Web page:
An exhibit of traditional Russian textiles, organized as part of the Russian Cultural Days in Iran, is being hosted jointly by the cities of Tehran and Qazvin as of November 9, Tehran Times reports.
Iran’s deputy tourism minister Pouya Mahmoudian and Russian Deputy Minister of Culture Pavel Stepanov opened the exhibition. Groups of Russian cultural figures and officials are scheduled to carry out various programs during the six-day cultural festival that is organized by Russia’s Ministry of Culture in collaboration with Iran’s Islamic Culture and Relations Organization.
A Russian cultural delegation is also scheduled to visit a number of Iranian cultural centers and museums, and to hold meetings with a number of Iranian cultural figures and officials as well during their stay in Iran.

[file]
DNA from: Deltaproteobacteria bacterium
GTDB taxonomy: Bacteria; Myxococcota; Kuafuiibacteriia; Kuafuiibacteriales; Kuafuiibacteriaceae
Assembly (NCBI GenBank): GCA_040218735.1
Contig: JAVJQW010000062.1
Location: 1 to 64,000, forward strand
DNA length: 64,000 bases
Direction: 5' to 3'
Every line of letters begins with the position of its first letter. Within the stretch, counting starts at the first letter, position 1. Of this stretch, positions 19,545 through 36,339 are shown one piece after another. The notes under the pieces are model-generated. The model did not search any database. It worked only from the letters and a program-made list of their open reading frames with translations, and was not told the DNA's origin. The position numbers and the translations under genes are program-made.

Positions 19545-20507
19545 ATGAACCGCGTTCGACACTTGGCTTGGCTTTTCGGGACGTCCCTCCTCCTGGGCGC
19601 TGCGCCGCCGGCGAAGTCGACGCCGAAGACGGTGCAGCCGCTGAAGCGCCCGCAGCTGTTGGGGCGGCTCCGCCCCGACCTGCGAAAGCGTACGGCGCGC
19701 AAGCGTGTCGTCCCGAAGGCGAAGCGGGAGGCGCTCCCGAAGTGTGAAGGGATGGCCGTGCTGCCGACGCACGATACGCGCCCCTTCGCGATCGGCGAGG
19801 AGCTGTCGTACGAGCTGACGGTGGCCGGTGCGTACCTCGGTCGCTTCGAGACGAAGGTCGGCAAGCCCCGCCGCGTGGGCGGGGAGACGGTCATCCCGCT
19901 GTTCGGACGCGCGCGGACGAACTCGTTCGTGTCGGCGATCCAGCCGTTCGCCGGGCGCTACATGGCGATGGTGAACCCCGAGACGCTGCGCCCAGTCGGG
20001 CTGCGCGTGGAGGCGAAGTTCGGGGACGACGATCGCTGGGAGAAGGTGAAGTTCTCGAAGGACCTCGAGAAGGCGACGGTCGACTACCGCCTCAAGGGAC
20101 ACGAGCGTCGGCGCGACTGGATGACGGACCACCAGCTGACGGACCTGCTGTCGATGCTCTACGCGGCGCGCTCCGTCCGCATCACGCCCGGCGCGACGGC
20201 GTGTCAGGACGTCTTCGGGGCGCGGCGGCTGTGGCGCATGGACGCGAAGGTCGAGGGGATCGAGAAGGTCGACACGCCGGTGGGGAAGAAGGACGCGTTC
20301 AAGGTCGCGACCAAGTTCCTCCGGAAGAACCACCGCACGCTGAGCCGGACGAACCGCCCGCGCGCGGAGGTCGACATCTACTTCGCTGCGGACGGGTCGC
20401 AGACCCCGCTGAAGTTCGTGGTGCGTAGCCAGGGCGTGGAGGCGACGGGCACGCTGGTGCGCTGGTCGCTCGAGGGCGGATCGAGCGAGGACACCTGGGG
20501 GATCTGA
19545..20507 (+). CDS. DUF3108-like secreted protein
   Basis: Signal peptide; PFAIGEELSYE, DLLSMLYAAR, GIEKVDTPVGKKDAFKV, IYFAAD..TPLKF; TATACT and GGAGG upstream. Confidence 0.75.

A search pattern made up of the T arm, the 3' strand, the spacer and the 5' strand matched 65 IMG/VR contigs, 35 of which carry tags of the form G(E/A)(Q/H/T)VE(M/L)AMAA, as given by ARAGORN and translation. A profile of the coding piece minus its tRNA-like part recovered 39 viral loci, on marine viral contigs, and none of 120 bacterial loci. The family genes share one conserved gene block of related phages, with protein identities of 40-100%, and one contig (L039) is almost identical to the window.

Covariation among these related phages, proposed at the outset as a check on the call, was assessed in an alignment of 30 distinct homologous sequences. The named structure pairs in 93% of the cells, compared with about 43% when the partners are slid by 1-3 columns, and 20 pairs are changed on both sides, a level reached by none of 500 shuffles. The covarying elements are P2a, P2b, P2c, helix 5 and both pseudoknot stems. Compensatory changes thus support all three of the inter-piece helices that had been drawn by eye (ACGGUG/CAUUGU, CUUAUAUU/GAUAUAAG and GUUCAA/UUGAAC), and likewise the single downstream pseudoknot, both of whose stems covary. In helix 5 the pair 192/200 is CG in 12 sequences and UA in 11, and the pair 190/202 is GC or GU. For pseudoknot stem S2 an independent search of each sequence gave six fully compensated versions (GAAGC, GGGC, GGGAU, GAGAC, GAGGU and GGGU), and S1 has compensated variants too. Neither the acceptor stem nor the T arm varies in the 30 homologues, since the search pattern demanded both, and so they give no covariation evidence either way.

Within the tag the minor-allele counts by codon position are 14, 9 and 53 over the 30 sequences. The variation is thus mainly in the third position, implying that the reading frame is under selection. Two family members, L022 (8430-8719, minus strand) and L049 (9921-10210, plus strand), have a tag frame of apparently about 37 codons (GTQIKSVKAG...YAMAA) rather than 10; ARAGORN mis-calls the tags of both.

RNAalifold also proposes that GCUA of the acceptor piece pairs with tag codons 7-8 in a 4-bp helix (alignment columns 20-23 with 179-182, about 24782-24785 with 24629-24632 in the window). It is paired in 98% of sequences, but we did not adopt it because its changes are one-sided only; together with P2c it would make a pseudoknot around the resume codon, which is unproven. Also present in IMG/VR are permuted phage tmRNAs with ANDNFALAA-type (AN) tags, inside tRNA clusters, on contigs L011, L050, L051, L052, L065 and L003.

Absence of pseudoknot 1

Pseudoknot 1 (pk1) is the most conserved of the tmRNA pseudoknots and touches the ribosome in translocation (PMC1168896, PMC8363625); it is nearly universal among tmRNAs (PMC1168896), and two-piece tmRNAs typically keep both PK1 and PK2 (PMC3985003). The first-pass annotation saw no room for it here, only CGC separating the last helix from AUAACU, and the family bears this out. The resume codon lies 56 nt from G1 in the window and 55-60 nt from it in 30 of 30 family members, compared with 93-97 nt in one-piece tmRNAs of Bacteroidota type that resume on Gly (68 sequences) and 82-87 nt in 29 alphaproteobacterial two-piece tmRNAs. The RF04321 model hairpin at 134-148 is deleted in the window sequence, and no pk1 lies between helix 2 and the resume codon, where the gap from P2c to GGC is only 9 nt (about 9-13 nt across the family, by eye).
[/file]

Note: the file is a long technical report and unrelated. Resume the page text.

Embroidery has for centuries played an important role in Russian daily life. The mainly linen garments were often decorated with embroidered hems, and the towels were often skilfully embellished. Embroideries were also often included in dowries, reflecting the social position of the bride’s family, but also the skills of the bride.
Most of the Russian embroidery is counted thread work, although free-style embroidery also occurs from the late medieval period in the form of the chain stitch (called tambour in Russia); it first occurred in the western parts of the country, and only became popular in the north by the late eighteenth century.
The very colorful embroidery styles in Central Russia include a wide range of motifs that reflect daily life and the environment, including stylized forms of plants, birds and animals.